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Released in 2011 to little or no recognition it seems (seriously, try to find a review of this one anywhere online) was the latest album by this Belarus one man band led by Wind (with a little help from Incarnatus from Pagan Hellfire on drums). While many would claim that the black metal world is more than over-saturated with one man bands, which is hard to argue against, every so often one comes along that more than justifies its existence. Personally, Folkvang is one such band and this album than aptly proves so.
Now while all the staples of one man bands are present (Burzum influence, jack-of-all-trades instrumentation, effect-laden vocals, etc) what sets this particular release apart from the rest of the flood is the overall presentation. Not exactly lo-fi but most certainly not crystal-clean production lends itself to clear presentation of all the instruments involved. The guitars have just the right amount of grit to their sound to give them the proper 'black metal sound' without sounding like the generic swarm-of-bees that plagues much of the genre. Sorrowful, yet strangely uplifting, riffs dominate the entire album backed up by simple, but effective, basslines that thankfully can be heard (why the bass continues to be the red-headed stepchild in black metal is beyond me...). The drums help augment what obviously is a guitar-driven album with the cymbal work deserving a special mention. Whether the drums are holding a steady beat or blasting away, the amount of crashing going on with the cymbals is relentless. Vocally, Wind employs a disgusted croak that comes across as more of a subdued rage than a pissed-off Popeye like Abbath from Immortal.
Another standout feature on this album is the use of acoustic guitars. Unlike many times when bands throw acoustics in to make them sound more well-rounded, their use here does not sound forced. They really help promote the sorrowful, sad atmosphere being portrayed throughout the disc. 'Introspective' would probably be a better way to describe use of them here. When they appear you can not help but sit back and let the mind wander and drift off to thoughts about life and where every little thing that happens fits into it. Emo descriptions aside, the beautiful melodies played on the acoustics are a perfect counterpoint to many of the blastbeat-ridden songs (see 'The Mountain Song' for a perfect example of their use).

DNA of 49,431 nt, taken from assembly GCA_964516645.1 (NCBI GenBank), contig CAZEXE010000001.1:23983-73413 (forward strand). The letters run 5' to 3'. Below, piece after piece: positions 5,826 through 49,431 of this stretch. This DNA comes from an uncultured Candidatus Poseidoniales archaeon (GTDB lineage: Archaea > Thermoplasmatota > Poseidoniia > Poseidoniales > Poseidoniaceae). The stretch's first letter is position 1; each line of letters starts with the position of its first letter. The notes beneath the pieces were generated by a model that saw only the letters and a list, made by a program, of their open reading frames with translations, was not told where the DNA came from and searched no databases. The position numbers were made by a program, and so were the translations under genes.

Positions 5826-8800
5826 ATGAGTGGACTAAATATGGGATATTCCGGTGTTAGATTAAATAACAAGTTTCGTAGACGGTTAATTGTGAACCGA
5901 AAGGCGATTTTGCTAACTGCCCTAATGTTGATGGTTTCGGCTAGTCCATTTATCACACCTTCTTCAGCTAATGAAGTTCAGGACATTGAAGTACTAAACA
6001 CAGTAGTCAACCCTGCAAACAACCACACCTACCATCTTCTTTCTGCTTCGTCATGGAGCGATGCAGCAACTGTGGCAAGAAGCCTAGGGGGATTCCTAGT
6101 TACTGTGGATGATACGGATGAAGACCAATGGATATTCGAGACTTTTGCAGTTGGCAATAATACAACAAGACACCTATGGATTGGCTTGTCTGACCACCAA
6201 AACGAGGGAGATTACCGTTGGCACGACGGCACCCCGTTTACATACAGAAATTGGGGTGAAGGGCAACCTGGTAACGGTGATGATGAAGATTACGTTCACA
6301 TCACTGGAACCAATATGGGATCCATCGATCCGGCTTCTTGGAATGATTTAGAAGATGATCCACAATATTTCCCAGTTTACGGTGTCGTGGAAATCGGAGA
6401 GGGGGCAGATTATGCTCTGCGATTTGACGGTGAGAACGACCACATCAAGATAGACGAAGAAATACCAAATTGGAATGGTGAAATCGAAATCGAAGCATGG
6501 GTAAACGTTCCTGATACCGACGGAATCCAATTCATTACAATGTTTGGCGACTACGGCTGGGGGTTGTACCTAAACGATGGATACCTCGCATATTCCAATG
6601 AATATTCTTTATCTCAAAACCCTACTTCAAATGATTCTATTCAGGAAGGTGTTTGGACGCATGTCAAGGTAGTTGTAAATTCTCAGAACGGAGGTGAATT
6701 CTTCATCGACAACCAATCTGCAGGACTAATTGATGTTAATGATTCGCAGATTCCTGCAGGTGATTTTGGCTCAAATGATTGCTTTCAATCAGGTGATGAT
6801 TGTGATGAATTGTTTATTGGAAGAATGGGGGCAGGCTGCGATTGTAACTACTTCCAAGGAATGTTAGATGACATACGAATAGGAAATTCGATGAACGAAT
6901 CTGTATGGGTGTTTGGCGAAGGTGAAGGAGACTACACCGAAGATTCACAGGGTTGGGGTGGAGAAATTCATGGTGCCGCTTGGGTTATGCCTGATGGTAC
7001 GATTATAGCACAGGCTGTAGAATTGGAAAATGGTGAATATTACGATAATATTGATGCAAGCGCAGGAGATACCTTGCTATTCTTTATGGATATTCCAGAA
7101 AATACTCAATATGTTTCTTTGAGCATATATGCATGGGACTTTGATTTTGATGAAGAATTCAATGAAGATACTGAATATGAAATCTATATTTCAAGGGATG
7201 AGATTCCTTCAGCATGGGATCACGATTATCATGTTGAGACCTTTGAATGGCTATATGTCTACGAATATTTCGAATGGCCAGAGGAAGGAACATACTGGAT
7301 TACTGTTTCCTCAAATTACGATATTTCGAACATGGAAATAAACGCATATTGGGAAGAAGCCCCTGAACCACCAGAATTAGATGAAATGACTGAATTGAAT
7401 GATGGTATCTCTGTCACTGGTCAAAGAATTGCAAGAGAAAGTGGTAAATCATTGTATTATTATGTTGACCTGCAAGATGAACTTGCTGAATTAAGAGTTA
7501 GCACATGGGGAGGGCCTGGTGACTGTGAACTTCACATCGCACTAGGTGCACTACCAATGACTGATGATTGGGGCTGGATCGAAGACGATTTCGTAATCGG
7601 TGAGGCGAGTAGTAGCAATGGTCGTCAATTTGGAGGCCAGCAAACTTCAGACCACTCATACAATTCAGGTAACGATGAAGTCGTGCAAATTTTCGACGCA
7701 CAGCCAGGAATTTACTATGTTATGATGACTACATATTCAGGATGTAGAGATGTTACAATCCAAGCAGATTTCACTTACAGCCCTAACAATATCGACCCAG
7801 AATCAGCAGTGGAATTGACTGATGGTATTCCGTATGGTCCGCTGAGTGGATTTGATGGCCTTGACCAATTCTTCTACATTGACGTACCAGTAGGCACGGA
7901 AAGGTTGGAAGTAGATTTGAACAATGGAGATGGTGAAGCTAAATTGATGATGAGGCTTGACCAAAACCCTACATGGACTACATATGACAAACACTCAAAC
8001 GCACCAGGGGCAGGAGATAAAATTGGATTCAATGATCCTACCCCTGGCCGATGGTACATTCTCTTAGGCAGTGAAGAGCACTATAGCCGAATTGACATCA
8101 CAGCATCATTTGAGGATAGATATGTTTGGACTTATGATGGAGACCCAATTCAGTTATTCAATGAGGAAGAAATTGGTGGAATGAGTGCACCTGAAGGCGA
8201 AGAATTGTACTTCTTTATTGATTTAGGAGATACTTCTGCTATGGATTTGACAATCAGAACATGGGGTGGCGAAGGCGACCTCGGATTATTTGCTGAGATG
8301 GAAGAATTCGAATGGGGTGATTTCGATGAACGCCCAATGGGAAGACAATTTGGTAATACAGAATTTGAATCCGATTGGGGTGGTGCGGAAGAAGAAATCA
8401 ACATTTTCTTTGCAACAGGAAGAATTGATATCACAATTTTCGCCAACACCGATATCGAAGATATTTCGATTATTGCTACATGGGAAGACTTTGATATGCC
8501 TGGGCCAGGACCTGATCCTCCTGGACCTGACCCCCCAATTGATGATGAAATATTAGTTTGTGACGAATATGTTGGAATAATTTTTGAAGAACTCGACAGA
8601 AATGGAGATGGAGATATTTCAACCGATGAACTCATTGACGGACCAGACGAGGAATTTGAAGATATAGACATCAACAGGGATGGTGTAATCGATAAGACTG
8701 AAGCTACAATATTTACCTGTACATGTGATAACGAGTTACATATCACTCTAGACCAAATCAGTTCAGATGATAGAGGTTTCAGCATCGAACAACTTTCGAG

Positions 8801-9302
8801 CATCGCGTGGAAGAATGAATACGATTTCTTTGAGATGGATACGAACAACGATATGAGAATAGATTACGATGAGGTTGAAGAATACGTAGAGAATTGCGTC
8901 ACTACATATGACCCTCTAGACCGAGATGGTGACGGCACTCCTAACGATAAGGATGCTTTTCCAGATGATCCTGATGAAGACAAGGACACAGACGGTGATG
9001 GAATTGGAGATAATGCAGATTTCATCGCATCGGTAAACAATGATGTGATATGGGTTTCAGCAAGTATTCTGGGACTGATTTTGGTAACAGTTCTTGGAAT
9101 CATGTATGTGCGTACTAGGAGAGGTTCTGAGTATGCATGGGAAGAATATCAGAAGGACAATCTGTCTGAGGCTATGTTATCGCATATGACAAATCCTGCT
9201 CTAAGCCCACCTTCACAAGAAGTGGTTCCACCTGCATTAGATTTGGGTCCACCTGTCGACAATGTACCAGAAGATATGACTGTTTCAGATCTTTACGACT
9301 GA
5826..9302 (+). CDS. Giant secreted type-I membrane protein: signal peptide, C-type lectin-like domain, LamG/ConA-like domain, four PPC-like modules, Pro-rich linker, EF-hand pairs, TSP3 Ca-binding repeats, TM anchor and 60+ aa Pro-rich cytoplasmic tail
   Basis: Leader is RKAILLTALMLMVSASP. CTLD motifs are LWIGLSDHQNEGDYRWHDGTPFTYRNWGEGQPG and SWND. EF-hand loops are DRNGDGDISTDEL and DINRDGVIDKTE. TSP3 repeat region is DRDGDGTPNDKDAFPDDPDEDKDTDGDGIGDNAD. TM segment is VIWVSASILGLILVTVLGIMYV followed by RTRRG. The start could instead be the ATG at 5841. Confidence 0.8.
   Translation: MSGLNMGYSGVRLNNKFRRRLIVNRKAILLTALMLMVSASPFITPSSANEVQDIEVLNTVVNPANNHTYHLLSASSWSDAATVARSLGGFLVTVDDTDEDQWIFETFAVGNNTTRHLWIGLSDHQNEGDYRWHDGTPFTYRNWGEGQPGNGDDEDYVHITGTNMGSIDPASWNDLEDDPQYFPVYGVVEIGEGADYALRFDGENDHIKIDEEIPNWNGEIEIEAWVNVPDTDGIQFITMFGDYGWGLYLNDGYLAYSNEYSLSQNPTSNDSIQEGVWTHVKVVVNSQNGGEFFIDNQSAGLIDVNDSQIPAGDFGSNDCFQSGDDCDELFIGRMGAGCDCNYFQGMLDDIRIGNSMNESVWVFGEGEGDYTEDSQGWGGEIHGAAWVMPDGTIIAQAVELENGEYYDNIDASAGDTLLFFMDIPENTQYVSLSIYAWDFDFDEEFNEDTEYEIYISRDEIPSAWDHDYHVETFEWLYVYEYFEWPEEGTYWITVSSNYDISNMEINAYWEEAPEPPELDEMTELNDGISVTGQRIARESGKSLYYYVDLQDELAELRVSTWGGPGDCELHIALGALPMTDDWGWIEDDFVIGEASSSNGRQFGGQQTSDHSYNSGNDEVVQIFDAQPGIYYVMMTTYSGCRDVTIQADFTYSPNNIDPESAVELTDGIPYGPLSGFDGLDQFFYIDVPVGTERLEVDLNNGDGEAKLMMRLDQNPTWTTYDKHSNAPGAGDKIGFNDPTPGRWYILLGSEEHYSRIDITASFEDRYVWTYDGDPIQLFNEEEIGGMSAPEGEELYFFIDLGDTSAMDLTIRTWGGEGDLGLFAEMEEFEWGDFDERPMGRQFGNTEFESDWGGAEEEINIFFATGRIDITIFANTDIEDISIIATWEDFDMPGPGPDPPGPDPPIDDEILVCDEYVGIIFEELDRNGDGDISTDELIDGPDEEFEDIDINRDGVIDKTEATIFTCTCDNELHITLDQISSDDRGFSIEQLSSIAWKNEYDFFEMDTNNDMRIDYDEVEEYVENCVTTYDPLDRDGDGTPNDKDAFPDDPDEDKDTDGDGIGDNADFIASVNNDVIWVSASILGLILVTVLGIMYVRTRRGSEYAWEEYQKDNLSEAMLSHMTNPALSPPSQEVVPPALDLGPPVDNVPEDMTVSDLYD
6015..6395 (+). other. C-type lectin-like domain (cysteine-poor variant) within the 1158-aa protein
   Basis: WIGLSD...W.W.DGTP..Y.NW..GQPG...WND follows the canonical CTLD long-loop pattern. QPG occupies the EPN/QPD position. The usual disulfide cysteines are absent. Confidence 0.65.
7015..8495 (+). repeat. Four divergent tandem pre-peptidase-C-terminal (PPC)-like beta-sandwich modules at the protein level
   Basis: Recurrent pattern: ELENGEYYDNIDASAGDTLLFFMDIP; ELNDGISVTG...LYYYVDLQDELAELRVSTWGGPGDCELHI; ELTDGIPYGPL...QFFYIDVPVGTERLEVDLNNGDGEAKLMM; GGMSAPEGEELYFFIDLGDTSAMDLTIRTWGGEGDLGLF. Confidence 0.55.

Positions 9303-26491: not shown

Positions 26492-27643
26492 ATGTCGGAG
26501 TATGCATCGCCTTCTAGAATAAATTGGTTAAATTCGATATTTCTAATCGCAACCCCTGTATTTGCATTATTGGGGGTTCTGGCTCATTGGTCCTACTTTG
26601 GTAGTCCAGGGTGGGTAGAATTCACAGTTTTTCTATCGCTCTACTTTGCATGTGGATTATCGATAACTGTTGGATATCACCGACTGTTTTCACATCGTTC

Atmosphere deserves a special mention as well. What would a black metal album be without it, right? This album features one of the most sorrowful (not in the DSBM slit-your-wrists-and-blow-your-brains-out way; this is way too far above that) atmospheres I have ever come across. There truly is a forlorn sense of sadness emanating from the riffs, despite the general speed at which they are being played. Couple these with the absolutely stunning acoustic passages featured throughout and you are left with a lesson in atmosphere that 99.9% of other black metal bands should be banging on Wind's door to learn.
Foregoing the usual practice of printing lyrics (or worse yet, printing a lame corpse-paint photo with an equally lame pose) Six Stories Without Keys features hand drawn artwork to accompany each of the songs with a message from Wind telling his listeners to come up with their own interpretations of the lyrics based on the artwork. A neat little idea that shows the listener that quite a bit of thought and work went into the overall presentation of the album.
This is a stunning release that should be going down as a classic in the genre instead of going largely ignored. I'm giving it a 98 only because the last song ('King (The Sound of Thunder)') sounds slightly different then the rest of the album. Make no mistake, the song itself is just as good as every other one on the disc, it just has a different sound (unmastered, perhaps?).
Do yourself a favour and buy (not download...) this one. Do not be part of the crime that is being committed to this album by allowing it to continue to go ignored.